I think most people are smart enough to know that when we promise ourselves that a new product or activity will change our lives, we’re willingly misleading ourselves because we’re in love with the idea that we’re only one purchase away from who we believe we can be.
On 30th October 2006, I worked my first day in my first job, a part-time sales assistant role at a games retailer in York. I’d finished my teaching degree earlier that year knowing I wanted to pursue my passions of writing and gaming. I basically took the summer of 2006 off, relaunching the site in WordPress in June 2006 and then publishing all sorts of odd bits and pieces: complaining about Vernon Kay, for instance. I won’t list the rest because it was weird and hardly seems relevant now.
I’ve made about a dozen posts on this website in the past four and a half years or so. Generally when I do get the itch to write, I get a bit caught up and promise myself I’ll write more. Normally I come back to this site in January or February, romanced by the promise of the upcoming year, then forget about it a few weeks later when something else catches my attention.
So, no more promises. I’ll write what I write, and forget about fresh starts and promises.
I’ve cycled to work every day for about the last 18 months. It’s about 5km, and takes me around 20 minutes each way. My route takes me past a school, through a forest, and on a few quiet roads. It’s direct and I like it. In the morning it’s mostly downhill, and in winter, the rush of cold air is invigorating.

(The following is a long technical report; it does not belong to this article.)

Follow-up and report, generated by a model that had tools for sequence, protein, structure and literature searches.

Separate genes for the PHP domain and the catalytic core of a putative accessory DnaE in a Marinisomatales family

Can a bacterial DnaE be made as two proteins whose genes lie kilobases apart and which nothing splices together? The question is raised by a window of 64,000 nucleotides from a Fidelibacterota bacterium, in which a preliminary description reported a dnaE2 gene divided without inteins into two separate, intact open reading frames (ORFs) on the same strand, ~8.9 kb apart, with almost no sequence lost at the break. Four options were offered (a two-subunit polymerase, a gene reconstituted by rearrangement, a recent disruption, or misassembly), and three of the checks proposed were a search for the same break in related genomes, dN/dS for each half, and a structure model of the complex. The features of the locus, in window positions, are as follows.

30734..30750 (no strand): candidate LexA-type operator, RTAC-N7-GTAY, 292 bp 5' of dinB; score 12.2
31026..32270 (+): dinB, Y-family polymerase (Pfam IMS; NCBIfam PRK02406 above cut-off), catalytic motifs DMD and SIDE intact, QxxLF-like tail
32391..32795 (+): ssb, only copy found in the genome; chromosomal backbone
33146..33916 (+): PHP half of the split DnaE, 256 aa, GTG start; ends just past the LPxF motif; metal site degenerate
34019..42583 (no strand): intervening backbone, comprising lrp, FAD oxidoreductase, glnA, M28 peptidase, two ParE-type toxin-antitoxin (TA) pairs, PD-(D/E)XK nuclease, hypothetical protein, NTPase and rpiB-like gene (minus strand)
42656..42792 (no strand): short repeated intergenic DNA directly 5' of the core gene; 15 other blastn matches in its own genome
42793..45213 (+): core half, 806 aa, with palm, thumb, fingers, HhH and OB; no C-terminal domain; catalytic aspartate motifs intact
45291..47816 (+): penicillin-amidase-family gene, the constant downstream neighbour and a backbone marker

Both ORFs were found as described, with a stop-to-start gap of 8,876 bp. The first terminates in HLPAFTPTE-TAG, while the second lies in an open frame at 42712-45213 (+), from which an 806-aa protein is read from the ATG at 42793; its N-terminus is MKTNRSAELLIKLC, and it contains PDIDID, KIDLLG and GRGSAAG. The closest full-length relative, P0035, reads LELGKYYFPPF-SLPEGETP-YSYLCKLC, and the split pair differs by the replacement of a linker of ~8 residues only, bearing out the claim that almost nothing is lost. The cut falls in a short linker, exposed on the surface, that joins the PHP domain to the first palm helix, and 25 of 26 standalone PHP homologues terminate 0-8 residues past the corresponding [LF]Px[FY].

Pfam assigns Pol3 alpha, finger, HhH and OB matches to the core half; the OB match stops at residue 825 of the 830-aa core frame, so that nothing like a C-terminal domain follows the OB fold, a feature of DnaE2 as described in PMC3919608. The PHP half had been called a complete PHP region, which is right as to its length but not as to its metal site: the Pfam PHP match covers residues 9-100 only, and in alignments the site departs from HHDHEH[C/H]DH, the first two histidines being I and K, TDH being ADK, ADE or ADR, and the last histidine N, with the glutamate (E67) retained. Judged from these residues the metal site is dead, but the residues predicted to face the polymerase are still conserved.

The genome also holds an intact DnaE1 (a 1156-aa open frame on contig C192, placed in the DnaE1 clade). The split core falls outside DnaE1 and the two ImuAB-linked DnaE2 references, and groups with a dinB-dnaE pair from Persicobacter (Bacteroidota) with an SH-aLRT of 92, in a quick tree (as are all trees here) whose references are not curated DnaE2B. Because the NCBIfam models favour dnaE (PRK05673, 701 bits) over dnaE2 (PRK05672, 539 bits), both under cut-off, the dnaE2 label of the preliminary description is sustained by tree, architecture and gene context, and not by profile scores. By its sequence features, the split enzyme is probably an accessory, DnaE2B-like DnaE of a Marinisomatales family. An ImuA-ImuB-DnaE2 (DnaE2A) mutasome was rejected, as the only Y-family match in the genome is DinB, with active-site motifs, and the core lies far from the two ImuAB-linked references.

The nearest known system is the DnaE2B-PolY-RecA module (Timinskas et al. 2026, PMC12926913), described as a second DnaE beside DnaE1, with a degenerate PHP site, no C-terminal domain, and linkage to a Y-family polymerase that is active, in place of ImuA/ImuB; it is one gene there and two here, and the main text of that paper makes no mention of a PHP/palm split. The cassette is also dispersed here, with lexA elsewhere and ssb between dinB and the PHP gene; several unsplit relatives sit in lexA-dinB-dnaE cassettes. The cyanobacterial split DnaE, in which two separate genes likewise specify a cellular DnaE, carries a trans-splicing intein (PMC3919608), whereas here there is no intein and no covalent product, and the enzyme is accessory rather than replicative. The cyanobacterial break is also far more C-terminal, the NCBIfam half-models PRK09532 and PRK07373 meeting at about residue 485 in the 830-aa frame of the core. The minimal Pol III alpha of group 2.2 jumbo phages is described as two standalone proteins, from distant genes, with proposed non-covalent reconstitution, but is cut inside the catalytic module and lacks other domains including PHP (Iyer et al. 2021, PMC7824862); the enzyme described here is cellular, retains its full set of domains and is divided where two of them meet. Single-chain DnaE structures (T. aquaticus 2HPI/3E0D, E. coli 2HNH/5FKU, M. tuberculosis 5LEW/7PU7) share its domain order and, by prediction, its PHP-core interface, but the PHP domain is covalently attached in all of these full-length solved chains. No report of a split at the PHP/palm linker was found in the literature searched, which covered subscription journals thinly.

But every day when I come home, I come to the bottom of a long hill.
And every day a voice in my head says, “If you’re tired, or you can’t do this, it’s OK – you can get off and walk. It’s OK.”
And every day I keep cycling and make it up that hill.
Because my brain is quick to forget what I’ve already accomplished, but my legs remember. I tell the voice that I’ve climbed this hill hundreds of times. Every day it speaks up, and on my weaker days it’s tempting to say, “It’s OK to stop.”
But I keep going.
Last year I got my first smartphone, a Nokia Lumia 735. I really like it, and I’ve especially enjoyed making it look nice with custom lock screens, Start backgrounds, tile layouts and so on. It really is a beautiful looking device when you show it some care.
I thought I could help out fellow Lumia owners with some wallpapers. So if you’re looking for Nokia Lumia 735 wallpapers, you’ve come to the right place.
The album below contains my own favourite wallpapers, all photographs taken with my Nokia Lumia 735. I hope you like using them!
For Christmas 2012, Hannah bought me a GPS watch. It’s one of the best presents I’ve ever received, as I’ve told her about a thousand times since.
I didn’t run much in 2013; I got to 10km once, thought that was good enough, and stopped. In 2014, though, I did a lot better, completing about 600km over the course of the year. In total I think it was about 70 hours of running (yep, I am very slow) which gave me plenty of time to think. I haven’t run at all this year because of injury, but I still wanted to post this. Here’s what I’ve learnt from putting one foot in front of the other.